About a year later, she did the matador dance with a rattler. I did NOT rush in to save her, but watched from a safe distance, terrified how this encounter would end. She missed two or three times, but ultimately grabbed its head. After the bull snake, I asked my favorite raptor vet what the specific dangers to her were and was told that she’d be good eating the venom, but if the snake bit her (penetrated the feathers), it would likely kill her. She’d deflected direct attacks and finally subdued the thing, so I let her kill it–that took a while.
          Interestingly, after that, she left snakes alone. She ate the leftovers of the bull snake but refused the rattler leftovers. Guess they’re not a tasty treat in redtail land??

          • “I was told that she’d be good eating the venom”.

            Laura, Snake venom is a protein and proteins are digested (broken down chemically) by vertebrate digestive systems, rendering them harmless when they’re swallowed.

            It’s when protein venoms are injected by fangs, bypassing digestion, that they can be lethal.

            The link to the video is working for me so I’m not sure what’s going on at your end…

  • Laura Culley

    Having spent the last two years pursuing voles with Jack the Harris’ hawk, I can attest to just how invisible they are in their environment. It takes a raptor’s eye to see them for the nanosecond they’re visible before they disappear into their pathways in the grasses. They’re shifty little goobers, but Jack says they’re tasty treats 🙂 I think I’ll pass for the foreseeable future.

    • I can’t believe how hard voles are to see, Laura. They’re so damned quick, they don’t like to be out in the open (for obvious reasons) and their coloration is cryptic in most environments.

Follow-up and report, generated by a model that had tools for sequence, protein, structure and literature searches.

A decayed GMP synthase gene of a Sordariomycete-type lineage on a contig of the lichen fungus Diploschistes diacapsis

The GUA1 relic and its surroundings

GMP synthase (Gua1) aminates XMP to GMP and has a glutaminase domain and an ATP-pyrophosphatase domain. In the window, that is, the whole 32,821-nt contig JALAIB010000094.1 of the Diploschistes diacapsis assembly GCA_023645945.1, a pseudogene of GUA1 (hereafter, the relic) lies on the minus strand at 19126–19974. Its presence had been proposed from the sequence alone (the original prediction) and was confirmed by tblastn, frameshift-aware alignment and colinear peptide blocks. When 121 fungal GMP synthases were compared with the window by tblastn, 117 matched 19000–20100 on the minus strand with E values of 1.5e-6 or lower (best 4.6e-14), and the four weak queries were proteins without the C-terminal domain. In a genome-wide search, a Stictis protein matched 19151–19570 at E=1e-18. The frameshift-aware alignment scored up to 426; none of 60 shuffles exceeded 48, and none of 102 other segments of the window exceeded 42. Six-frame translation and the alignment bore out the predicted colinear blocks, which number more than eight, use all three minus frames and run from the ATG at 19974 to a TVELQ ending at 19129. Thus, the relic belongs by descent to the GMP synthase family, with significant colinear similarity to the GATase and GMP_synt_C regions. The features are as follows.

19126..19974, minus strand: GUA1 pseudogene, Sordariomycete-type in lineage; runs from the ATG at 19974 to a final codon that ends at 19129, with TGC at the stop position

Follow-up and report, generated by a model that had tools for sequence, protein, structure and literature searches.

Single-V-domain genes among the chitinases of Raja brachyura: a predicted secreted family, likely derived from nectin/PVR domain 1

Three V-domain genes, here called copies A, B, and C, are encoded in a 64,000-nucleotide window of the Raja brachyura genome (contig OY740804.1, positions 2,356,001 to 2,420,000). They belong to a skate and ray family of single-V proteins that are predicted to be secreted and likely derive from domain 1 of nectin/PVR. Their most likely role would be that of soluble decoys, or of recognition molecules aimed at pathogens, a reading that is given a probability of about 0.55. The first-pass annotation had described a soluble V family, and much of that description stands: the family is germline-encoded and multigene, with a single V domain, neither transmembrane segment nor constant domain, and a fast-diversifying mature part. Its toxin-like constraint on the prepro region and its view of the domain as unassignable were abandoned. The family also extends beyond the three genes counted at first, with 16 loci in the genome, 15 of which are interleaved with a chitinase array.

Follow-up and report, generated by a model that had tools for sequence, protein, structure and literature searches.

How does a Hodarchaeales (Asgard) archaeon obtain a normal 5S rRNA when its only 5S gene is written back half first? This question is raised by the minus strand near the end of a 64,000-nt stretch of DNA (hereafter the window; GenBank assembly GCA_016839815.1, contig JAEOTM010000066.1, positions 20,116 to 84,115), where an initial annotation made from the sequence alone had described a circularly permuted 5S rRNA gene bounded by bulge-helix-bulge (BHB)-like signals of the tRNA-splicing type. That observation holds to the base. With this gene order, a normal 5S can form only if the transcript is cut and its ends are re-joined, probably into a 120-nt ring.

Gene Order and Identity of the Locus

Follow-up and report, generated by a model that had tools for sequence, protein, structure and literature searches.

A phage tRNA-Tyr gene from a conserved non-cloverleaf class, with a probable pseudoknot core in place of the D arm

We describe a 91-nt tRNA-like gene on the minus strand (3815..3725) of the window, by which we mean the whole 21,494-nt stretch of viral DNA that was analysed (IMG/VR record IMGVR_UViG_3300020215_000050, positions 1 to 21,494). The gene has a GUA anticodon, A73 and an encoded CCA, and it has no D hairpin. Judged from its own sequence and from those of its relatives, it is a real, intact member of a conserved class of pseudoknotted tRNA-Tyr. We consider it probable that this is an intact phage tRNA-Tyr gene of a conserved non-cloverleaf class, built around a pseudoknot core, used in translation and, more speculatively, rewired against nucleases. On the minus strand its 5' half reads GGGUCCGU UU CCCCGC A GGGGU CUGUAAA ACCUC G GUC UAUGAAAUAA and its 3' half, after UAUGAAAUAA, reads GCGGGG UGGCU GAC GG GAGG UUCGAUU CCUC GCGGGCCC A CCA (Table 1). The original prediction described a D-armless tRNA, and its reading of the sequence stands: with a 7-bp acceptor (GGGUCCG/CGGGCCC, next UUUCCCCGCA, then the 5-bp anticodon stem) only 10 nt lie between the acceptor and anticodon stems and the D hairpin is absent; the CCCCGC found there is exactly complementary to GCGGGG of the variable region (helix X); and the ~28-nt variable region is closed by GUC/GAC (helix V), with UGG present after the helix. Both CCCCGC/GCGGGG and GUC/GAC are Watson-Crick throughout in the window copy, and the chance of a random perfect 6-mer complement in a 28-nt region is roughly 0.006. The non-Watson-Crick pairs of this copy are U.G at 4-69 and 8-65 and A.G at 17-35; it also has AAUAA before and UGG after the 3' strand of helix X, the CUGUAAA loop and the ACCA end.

The best looks, by far, I’ve had of voles have always been when they’re already in the clutches of a raptor!

      • Laura Culley

        “In the clutches of a raptor” is likely to be the best ever look at a vole! And by the time you get the camera up, they will have skedaddled smartly some other where!

    • Patty Chadwick

      Don’t just “pass”… If you don’t try one, you’ll never know….

      • Marty K

        Is this the voice of experience? Do they taste like chicken? 😉

        • Laura Culley

          Nope Marty, I hold out for the good stuff. After you gut them, there’s not much left. 😉

          • Well…., don’t gut them then! 🙂

          • Laura Culley

            You replied, “don’t gut them then.” And maybe mix them with a bit of chianti? LOL! Actually, by the time I got to Jack, he’d already gobbled his voles down–a tasty treat. In my new place here, we might not even get off my property before Jack catches a cottontail, quail or jackrabbit. All we have to do is walk out the front door! Sometimes, they’re in my back yard, too. That will make Jack a happy boy!

  • The owl’s persistence, and your persistence were both rewarded.
    As we were.

  • Susan Stone